Life After a Heart Attack

Live Healthy

Recovering from a heart attack means changing your life in positive ways. 

The changes don't just reduce your risk and fear of another heart attack; they can also make life healthier and more fun. 

How can you move toward a healthier lifestyle? Experts advise implementing some of the strategies below. 

  • Quit smoking. If you smoke, stop. Ask your provider about programs that can help.
  • Exercise every day. Exercise strengthens your heart muscle so it can pump blood more easily and strengthens other muscles so the heart doesn't have to work so hard. It can help you lose weight, lower your blood pressure, decrease stress, decrease your cholesterol levels and reduce the risk of dying from another heart attack.

    Focus on aerobic exercise for an average of 40 minutes a day, three to four days a week. Aerobic exercise – the type that raises your heart rate – can be as easy as a brisk 30-minute walk. If walking is too difficult or painful, try riding a stationary bike or swimming.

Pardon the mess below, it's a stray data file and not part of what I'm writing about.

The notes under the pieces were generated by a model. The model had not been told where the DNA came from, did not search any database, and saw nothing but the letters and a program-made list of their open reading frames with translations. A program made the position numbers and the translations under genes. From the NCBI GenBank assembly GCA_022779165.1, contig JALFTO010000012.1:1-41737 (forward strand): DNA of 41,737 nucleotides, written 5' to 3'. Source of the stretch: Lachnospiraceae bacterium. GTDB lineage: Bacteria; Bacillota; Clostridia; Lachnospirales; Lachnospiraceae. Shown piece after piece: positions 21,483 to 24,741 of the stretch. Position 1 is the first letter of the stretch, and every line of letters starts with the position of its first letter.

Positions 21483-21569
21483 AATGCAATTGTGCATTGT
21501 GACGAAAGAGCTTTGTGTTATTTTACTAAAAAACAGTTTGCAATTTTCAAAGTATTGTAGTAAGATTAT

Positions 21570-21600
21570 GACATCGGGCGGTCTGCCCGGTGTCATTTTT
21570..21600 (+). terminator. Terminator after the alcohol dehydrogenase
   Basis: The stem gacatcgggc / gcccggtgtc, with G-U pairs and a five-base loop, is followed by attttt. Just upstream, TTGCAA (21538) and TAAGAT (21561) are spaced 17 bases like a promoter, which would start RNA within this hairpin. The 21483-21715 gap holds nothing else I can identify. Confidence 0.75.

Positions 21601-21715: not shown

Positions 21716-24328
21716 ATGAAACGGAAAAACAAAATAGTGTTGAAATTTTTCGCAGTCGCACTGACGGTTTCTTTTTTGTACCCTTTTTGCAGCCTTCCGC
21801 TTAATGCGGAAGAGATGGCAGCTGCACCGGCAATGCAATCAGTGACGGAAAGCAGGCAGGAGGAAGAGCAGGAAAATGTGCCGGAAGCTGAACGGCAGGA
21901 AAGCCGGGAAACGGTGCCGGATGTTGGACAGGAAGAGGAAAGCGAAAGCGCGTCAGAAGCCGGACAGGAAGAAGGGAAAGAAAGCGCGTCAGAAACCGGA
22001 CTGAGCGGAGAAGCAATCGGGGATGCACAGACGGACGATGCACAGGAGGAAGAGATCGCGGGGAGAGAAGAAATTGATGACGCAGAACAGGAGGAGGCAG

No matter what activity you choose, start slowly and follow your physician's advice.
  • Eat heart-healthy. Diet changes can help lower your cholesterol level, weight and blood pressure. Avoid food high in saturated fat, trans fat and high cholesterol. Instead, shift to a leaner diet that’s higher in fiber and lower in salt. That means more fruits and vegetables and less dairy, butter and red meat. A registered dietitian or nutritionist can help.
  • Take your medications. You may be taking medicine for your heart as well as for lowering cholesterol, controlling blood pressure or managing diabetes. Make sure you understand when and how to take your medicine, and take it correctly. Talk with your doctor if the medicine causes problems for you, but don't change or stop taking medication on your own.
  • Reduce stress. Stress can increase your blood pressure, increase your heart rate and make your heart disease worse. If you are under stress from work or home, get advice on stress reduction techniques or see a counselor for suggestions on how you can reduce your stress or change your response to stressful situations.



Published on: April 29, 2016